In fact, all but three out of 60 towns surveyed were found to be making excessive payments to public employees for unused sick leave, in violation of state law.
“Taxpayers’ money is being wasted in ways that violate New Jersey law,” acting Comptroller Kevin Walsh said in a statement. “Year after year, towns spend taxpayer money to fund costly, wasteful year-end bonuses for public employees that are hidden from taxpayers.”
Not only have towns allowed public workers to convert unused sick days into yearly bonuses, some even promised to make large payments years down the road — potentially increasing a worker’s pay by hundreds of thousands of dollars.
Walsh said municipalities that promise their employees sick leave payouts create a financial liability of many millions of dollars for taxpayers.
The investigative report shows nearly all of the 60 towns reviewed violated some part of statewide reforms approved in 2007 and 2010 that capped how much a town could pay out to its employees upon retirement.
“Many of the towns we surveyed showed no awareness that these reforms even existed,” Walsh said. “Legislators from throughout New Jersey thought they had reformed the state’s sick leave policies, but the reforms have largely failed with these 60 municipalities and likely many more. Municipalities are willingly and unlawfully assuming substantial financial obligations that must be paid by today’s, tomorrow’s and future generations’ taxpayers.”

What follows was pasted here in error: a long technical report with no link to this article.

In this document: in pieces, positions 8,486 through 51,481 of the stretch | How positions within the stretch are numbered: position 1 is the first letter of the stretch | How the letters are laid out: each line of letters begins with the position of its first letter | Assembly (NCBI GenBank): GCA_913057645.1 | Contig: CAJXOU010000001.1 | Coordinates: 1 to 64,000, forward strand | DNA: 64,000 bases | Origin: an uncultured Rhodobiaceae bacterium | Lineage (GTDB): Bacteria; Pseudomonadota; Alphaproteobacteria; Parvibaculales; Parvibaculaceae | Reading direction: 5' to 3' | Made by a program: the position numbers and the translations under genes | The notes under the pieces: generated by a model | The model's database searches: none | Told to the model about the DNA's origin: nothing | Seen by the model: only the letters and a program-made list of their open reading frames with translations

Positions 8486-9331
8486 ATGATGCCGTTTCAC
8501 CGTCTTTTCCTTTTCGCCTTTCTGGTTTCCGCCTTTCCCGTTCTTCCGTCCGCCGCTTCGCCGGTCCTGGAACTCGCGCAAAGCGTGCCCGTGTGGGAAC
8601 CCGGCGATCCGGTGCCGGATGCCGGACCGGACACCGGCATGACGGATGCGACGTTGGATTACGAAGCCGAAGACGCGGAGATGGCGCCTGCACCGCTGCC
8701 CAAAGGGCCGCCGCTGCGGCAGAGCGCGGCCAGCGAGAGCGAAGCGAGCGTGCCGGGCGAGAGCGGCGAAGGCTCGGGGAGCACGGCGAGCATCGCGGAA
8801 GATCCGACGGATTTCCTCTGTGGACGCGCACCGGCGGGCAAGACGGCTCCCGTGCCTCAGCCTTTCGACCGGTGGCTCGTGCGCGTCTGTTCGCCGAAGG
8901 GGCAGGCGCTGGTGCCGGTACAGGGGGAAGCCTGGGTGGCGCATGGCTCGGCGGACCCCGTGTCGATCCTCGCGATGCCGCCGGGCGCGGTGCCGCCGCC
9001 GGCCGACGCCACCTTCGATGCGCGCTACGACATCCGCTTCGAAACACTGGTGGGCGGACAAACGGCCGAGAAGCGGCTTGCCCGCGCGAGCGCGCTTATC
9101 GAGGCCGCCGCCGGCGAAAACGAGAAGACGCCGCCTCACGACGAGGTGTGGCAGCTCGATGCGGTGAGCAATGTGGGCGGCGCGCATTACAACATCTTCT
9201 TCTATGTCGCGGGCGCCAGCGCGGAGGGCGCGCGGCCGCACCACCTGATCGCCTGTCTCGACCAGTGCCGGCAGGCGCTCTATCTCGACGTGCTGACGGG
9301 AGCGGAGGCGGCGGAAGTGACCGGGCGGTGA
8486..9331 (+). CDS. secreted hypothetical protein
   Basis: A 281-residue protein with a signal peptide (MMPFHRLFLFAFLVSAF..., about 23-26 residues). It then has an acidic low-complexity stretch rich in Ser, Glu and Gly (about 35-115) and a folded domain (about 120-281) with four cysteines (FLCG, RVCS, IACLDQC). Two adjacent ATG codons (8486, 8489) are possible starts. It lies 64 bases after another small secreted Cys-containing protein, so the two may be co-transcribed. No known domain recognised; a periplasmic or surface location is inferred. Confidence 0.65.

OSC’s report found that, in the 60 towns reviewed:
- 80% are letting employees cash out their sick time when they resign or change jobs;
- 60% allow payments over the $15,000 cap;
- 48% give employees annual payouts for their unused sick days.
Moreover, OSC’s report also found that there are no enforcement mechanisms in place to make sure towns are following the law. The report makes a number of recommendations to the Legislature, including:
- Designating a specific person within local government to ensure sick and vacation leave abuse laws are followed;
- Requiring that all payouts to employees beyond their standard pay are posted publicly and approved by the council, so taxpayers are aware of any additional compensation;
- Tasking a specific state agency to interpret and enforce the laws;
- Evaluating whether exemptions for some senior employees in local governments remain appropriate.
“Funds that belong to taxpayers should be spent with the highest integrity and transparency,” Walsh said. “It is disappointing to see so many municipalities disregarding state law and wasting taxpayer funds.”
OSC recommends that individual towns retain an attorney to review existing policies and procedures that appear to be against the law. Towns should assess how much financial liability the town currently has or will have in the future. They must also prepare a corrective action plan and send it to OSC for review.